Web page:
US NAVY PAGES
POWDER INDEX OR LOT
NUMBERS AND WEIGHT
BOBC 59 FURNISHES THE ABOVE LIST OF AMMUNITION BB59 RECEIVED FROM AN AMMO LIGHTER. THE LIST IS FROM THE WAR
DIARY OF BIG MAMMIE BB59.
362 Projectiles, 16"/45 caliber H.C.;MK.13-1
362 charges, 16"/45 caliber:
Where it says 6 SPD 3633 (2300 fs) that is the lot number that particular powder came from and the FS that this lot will produce in a standard
gun with a standard 2700 pound projectile.
The next 3 lots of powder tell you that these 3 lots will produce 1900 fs when fired in a standard gun but they did not say which projectile the
powder charge is for.
Because the powder charge is for 1900 fs or reduced velocity the powder charge is probably for firing back slopes and the projectile to be used is
BB59 received 4 different lots of powder for the 16"/45 guns and 4 different lots of powder for the 5"/38 guns.
A ship always receives several different lots of powder in case there is something wrong with 1 lot, the ship can still fire.
The list does not tell what the weight of a full charge is for each lot of powder but it would have been printed on each powder can as well as all of
the above data.
THE DATA YOU SEE PRINTED ON THE POWDER BAG ABOVE TELLS YOU WHICH GUN THE POWDER CHARGE IS FOR.
THE LOT OR INDEX NUMBER THAT THIS POWDER CAME FROM.
HOW MANY BAGS ARE REQUIRED FOR A FULL CHARGE.
HOW MUCH THE FULL CHARGE WEIGHS.
WHAT THE IV WILL BE IN A STANDARD GUN WITH A STANDARD PROJECTILE.
EVERY LOT OF POWDER WILL HAVE A DIFFERENT WEIGHT OF POWDER FOR A FULL CHARGE.
IN OTHER WORDS IN A LOT OF POWDER A FULL CHARGE WILL WEIGH 665 POUNDS FOR EVERY FULL POWDER CHARGE IN THAT
LOT. BUT THIS LOT OF POWDER WILL PRODUCE THE IV WRITTEN ON THE POWDER BAG.
IN THE NEXT LOT OF POWDER A FULL CHARGE MAY WEIGH 670 POUNDS FOR EVERY FULL POWDER CHARGE IN THAT LOT.
THIS LOT AS WELL WILL PRODUCE THE IV WRITTEN ON THE BAG.
NO MATTER WHAT THE WEIGHT OF THE POWDER CHARGE OR WHICH LOT THE POWDER CHARGE COMES FROM EACH LOT
WILL ALWAYS PRODUCE THE IV WRITTEN ON THE POWDER BAG.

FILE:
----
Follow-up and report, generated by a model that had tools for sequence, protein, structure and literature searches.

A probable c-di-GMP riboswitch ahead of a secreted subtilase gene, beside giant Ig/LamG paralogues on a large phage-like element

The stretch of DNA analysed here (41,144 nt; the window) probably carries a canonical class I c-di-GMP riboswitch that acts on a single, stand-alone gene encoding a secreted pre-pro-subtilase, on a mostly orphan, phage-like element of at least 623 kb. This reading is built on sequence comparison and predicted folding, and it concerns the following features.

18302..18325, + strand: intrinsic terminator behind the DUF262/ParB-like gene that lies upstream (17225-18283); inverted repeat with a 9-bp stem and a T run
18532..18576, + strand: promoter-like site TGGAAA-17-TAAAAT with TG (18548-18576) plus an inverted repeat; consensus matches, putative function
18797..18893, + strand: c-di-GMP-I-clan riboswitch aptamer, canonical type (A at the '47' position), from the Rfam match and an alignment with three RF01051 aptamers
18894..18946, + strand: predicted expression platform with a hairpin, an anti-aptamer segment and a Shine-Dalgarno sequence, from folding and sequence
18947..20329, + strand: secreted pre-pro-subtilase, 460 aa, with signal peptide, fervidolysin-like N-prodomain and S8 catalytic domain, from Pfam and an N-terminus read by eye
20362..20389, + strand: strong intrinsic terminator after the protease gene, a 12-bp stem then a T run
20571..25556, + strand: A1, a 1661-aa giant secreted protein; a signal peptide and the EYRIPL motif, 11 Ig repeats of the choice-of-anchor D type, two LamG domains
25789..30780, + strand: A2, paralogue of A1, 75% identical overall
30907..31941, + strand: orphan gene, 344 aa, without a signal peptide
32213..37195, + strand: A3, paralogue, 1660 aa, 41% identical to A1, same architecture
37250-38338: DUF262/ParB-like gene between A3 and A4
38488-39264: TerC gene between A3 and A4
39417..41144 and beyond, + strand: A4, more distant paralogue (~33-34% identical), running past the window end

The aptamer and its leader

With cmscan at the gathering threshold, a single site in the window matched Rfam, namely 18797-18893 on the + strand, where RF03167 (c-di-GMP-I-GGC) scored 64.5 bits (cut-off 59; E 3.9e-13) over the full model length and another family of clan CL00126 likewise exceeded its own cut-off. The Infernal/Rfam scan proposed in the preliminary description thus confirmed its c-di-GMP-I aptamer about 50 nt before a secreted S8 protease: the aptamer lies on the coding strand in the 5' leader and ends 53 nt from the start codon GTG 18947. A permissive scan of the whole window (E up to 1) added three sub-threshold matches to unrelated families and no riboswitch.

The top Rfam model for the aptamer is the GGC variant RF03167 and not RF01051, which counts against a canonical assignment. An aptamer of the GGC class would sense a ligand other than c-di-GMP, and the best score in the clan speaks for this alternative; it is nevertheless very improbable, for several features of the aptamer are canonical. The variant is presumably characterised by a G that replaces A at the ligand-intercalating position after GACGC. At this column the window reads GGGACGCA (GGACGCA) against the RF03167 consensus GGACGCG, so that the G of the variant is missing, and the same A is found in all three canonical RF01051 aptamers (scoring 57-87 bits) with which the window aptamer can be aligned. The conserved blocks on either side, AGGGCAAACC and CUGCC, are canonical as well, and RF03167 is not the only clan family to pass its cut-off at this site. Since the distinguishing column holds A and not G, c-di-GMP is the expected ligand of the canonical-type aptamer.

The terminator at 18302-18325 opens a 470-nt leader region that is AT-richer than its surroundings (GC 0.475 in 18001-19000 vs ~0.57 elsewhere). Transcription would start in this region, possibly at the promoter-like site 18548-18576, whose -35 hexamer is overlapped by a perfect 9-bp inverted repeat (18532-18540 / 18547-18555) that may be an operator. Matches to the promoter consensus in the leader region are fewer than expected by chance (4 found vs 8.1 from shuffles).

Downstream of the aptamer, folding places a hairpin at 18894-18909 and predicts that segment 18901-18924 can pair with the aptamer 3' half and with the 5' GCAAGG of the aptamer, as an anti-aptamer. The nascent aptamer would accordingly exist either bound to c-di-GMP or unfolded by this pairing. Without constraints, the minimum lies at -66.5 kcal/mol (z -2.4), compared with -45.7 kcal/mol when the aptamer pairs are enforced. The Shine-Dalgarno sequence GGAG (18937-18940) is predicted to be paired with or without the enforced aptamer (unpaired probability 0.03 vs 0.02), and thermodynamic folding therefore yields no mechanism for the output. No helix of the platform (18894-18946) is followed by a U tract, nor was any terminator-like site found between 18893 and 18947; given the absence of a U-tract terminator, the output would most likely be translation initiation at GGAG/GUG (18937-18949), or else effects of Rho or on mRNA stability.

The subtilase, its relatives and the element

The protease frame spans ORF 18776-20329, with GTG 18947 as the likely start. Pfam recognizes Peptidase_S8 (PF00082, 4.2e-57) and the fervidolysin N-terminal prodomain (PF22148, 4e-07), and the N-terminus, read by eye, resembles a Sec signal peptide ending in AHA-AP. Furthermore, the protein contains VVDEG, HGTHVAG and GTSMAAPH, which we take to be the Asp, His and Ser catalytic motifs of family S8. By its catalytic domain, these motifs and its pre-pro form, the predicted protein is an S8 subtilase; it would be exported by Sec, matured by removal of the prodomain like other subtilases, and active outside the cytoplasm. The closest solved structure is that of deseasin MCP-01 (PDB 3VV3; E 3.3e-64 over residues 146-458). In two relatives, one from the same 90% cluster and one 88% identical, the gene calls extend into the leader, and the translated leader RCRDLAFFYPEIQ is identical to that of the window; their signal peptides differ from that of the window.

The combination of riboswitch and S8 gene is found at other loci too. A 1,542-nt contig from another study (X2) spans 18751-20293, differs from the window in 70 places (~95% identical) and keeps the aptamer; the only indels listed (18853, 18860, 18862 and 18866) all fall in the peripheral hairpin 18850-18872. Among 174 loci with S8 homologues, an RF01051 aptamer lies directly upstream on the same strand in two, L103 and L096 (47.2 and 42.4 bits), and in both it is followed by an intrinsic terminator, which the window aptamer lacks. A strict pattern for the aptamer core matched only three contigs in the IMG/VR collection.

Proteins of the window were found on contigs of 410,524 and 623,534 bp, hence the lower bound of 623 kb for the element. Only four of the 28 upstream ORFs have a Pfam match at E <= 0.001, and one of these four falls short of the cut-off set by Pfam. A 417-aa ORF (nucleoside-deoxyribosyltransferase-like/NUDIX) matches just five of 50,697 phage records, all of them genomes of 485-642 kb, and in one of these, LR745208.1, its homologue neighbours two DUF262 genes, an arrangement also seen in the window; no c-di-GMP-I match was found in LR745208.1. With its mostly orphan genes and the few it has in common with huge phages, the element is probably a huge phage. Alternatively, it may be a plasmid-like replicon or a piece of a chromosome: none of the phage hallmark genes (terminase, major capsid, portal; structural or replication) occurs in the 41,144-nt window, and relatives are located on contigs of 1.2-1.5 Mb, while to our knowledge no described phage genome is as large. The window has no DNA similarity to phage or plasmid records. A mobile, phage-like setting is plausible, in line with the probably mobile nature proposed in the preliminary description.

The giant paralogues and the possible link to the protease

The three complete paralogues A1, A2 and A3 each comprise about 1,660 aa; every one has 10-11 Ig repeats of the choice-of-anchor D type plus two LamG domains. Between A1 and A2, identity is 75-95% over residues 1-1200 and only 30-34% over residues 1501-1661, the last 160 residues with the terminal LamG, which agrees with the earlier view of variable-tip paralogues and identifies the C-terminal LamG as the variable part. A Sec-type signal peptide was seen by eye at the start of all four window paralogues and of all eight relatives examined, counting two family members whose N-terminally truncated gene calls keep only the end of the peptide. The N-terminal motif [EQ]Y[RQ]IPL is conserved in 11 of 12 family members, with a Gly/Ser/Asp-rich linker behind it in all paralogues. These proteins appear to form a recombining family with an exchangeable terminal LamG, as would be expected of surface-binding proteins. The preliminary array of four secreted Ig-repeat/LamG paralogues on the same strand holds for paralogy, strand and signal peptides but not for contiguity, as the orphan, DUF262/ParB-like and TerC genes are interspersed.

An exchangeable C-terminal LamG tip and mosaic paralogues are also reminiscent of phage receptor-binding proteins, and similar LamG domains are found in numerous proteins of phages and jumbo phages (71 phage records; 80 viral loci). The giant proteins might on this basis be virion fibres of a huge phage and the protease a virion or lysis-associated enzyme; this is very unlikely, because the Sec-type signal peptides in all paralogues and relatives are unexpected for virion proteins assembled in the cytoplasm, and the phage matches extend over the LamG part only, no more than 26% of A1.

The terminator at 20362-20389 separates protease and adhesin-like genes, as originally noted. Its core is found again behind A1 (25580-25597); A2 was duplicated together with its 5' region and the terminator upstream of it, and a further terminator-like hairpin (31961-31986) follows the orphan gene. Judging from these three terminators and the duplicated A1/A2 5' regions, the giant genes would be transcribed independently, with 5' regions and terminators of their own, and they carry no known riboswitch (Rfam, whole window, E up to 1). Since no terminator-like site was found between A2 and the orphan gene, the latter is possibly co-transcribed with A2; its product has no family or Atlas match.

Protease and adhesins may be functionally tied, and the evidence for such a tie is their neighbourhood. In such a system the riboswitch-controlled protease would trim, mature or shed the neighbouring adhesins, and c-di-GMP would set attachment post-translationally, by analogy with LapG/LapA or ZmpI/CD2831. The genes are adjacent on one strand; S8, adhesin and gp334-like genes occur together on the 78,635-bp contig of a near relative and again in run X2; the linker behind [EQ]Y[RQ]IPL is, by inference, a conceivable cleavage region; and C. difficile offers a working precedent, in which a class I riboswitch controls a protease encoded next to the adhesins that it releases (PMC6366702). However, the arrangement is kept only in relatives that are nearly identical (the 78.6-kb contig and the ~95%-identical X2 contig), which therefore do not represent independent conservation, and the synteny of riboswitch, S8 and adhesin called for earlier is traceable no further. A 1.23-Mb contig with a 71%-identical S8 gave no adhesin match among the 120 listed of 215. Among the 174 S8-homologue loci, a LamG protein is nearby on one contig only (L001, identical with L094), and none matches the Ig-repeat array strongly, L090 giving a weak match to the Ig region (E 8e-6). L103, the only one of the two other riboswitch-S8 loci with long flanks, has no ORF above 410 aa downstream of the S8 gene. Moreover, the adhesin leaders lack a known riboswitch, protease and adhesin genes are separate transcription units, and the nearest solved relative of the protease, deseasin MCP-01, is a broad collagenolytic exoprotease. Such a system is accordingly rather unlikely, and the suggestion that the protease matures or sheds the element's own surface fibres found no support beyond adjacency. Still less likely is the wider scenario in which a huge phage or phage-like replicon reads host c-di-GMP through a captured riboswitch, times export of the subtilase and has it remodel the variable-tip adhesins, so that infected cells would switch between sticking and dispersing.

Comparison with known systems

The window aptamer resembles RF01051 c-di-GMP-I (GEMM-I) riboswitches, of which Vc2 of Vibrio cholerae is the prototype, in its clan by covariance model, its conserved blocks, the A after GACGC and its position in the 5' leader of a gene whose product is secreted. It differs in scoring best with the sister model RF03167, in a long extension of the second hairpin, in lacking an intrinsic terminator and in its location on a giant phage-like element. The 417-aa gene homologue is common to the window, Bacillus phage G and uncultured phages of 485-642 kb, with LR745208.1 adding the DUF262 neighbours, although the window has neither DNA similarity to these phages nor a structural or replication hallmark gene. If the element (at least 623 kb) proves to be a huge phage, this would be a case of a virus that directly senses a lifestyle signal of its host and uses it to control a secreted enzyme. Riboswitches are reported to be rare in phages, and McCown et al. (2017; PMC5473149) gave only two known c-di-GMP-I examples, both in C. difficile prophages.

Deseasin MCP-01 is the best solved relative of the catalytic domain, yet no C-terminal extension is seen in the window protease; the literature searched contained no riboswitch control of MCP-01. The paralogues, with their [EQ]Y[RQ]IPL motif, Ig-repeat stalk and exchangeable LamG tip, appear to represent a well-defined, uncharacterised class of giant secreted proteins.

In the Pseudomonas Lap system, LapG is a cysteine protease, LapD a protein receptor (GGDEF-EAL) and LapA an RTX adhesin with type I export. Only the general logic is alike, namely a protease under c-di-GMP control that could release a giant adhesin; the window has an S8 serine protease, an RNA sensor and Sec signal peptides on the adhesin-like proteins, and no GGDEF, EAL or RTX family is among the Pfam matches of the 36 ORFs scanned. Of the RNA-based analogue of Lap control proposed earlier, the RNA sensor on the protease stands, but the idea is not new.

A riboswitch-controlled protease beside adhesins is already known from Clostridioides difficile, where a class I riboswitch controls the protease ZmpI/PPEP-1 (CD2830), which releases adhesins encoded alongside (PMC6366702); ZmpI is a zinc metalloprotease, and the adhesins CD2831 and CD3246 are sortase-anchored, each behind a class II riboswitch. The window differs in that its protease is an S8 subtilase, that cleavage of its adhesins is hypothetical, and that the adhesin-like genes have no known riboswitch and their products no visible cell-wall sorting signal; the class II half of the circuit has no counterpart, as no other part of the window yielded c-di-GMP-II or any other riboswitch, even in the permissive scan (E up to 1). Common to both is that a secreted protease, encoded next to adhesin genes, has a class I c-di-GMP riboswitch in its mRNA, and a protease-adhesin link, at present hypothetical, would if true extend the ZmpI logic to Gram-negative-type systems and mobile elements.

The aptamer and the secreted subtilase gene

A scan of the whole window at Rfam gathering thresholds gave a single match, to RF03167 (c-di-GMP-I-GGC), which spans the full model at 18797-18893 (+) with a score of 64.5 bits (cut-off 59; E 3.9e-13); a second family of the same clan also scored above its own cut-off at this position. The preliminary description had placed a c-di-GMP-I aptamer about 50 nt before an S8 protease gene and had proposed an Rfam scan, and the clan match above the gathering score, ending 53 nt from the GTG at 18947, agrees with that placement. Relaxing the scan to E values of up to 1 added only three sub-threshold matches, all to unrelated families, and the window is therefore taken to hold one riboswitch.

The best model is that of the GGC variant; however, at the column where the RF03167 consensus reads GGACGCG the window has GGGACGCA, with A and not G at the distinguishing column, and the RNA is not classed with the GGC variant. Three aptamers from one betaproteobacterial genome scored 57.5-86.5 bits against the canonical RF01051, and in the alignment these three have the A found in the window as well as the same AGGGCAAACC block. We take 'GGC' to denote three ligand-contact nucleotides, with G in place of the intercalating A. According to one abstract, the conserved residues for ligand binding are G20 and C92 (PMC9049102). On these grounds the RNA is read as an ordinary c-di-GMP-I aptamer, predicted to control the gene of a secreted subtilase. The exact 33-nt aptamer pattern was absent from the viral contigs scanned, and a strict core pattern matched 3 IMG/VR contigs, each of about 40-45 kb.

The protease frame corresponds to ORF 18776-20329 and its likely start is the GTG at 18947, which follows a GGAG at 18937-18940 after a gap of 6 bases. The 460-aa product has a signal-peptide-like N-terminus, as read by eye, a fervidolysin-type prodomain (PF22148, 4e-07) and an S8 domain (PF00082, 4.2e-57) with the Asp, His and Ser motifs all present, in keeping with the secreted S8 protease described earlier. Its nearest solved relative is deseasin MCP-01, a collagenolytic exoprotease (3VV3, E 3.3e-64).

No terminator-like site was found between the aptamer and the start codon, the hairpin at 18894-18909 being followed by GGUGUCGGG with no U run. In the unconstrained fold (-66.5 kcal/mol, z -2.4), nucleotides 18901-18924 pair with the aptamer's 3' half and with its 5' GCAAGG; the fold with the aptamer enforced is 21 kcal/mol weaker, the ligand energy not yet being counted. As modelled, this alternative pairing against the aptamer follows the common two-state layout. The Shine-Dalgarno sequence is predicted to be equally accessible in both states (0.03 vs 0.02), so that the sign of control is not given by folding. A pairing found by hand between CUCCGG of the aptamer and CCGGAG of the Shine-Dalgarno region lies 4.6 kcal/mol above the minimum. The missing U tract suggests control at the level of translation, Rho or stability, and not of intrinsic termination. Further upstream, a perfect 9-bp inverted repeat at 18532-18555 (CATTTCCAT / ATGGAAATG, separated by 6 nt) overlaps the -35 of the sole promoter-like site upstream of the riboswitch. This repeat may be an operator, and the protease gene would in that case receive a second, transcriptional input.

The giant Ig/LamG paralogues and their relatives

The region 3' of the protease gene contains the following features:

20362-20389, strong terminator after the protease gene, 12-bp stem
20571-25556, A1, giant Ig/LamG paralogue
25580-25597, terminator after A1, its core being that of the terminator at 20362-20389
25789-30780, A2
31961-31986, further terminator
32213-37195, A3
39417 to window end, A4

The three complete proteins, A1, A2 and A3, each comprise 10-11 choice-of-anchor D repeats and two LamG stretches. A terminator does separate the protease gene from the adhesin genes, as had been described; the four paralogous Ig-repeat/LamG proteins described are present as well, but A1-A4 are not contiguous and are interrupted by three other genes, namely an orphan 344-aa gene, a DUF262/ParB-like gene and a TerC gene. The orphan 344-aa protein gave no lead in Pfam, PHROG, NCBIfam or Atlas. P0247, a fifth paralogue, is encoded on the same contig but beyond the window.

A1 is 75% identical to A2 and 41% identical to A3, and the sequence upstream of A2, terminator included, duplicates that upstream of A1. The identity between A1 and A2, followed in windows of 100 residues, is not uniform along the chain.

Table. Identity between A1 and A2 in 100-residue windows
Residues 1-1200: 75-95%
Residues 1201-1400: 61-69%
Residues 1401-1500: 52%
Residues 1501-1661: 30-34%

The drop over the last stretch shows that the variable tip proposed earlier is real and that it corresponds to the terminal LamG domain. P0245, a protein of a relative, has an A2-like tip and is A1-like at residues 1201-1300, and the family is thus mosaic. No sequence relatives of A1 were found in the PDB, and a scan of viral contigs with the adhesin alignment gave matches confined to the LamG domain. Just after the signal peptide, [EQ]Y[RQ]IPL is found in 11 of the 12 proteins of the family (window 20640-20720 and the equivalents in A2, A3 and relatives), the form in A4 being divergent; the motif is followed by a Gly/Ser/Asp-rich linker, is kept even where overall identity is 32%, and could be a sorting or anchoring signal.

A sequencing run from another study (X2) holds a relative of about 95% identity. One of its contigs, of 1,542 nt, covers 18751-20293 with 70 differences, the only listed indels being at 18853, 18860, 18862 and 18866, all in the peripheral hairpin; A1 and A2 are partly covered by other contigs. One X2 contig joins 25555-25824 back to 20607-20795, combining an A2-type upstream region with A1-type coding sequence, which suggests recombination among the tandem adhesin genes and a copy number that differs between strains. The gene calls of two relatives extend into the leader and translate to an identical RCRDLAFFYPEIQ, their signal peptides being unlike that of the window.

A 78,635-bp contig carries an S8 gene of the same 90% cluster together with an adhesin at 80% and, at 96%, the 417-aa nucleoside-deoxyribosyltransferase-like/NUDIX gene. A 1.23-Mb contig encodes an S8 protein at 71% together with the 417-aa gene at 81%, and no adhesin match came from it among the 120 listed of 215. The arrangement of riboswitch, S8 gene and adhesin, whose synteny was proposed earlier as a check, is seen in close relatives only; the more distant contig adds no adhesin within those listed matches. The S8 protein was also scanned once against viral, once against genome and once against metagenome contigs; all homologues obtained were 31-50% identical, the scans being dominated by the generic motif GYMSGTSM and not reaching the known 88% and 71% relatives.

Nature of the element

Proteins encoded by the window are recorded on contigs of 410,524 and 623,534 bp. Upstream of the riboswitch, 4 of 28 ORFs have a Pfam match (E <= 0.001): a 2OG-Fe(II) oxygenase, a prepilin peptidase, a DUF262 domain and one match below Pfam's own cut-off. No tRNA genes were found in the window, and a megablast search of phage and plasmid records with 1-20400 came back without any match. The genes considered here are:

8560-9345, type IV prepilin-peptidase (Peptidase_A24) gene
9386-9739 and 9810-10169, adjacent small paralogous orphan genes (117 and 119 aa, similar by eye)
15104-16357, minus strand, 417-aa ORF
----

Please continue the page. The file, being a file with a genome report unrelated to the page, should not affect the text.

THIS MEANS THAT WHEN YOU CHANGE LOTS OF POWDER A STANDARD GUN WITH A STANDARD PROJECTILE WILL PRODUCE
THE SAME IV.
IN OTHER WORDS ALL POWDER MADE FOR A GUN NO MATTER WHICH LOT OF POWDER IT COMES FROM WILL PRODUCE THE
If you fire 2 standard guns with standard projectiles at the same time at the same time but each gun with a different lot of powder the IV will be the
same for each gun.
If you mix powder bags from different lots the IV will still be the same as when the entire charge is from the same lot.
You will never see anywhere in the USN Fire Control or Ordnance books anything that tells you that the IV will change when switching from one
lot of powder to another or from mixing different lots of powder in the same gun.
3B3. Powder bags
The material used for powder bags is silk, because only this fabric will completely burn away when combustion of the charge takes place, leaving
no smoldering residue to cause the premature explosion of the next charge loaded. Each bag is roughly cylindrical in shape. One end consists of an
ignition pad containing black powder quilted into the fabric so as to keep the black powder evenly spread throughout the pad. Light-weight cloth,
dyed red, is used for the ignition pad. A heavier weight of fabric is used for the rest of the bag. Bags are fitted with handling straps and lacings,
which can be used to take up any slack in the bag.
Powder may be placed in the bags in either of two ways. It may be dumped in with no regard for the positioning of the individual grains; this
produces an unstacked charge. Or the grains may be arranged in layers with the axis of each grain parallel to the axis of the bag; this is a stacked
charge. The latter results in a smoother, more compact bag and provides for faster, more complete, and more symmetrical ignition.
The firing of the separate primer used with bag guns can be relied on to set off the black powder in the ignition pad, but may not be sufficiently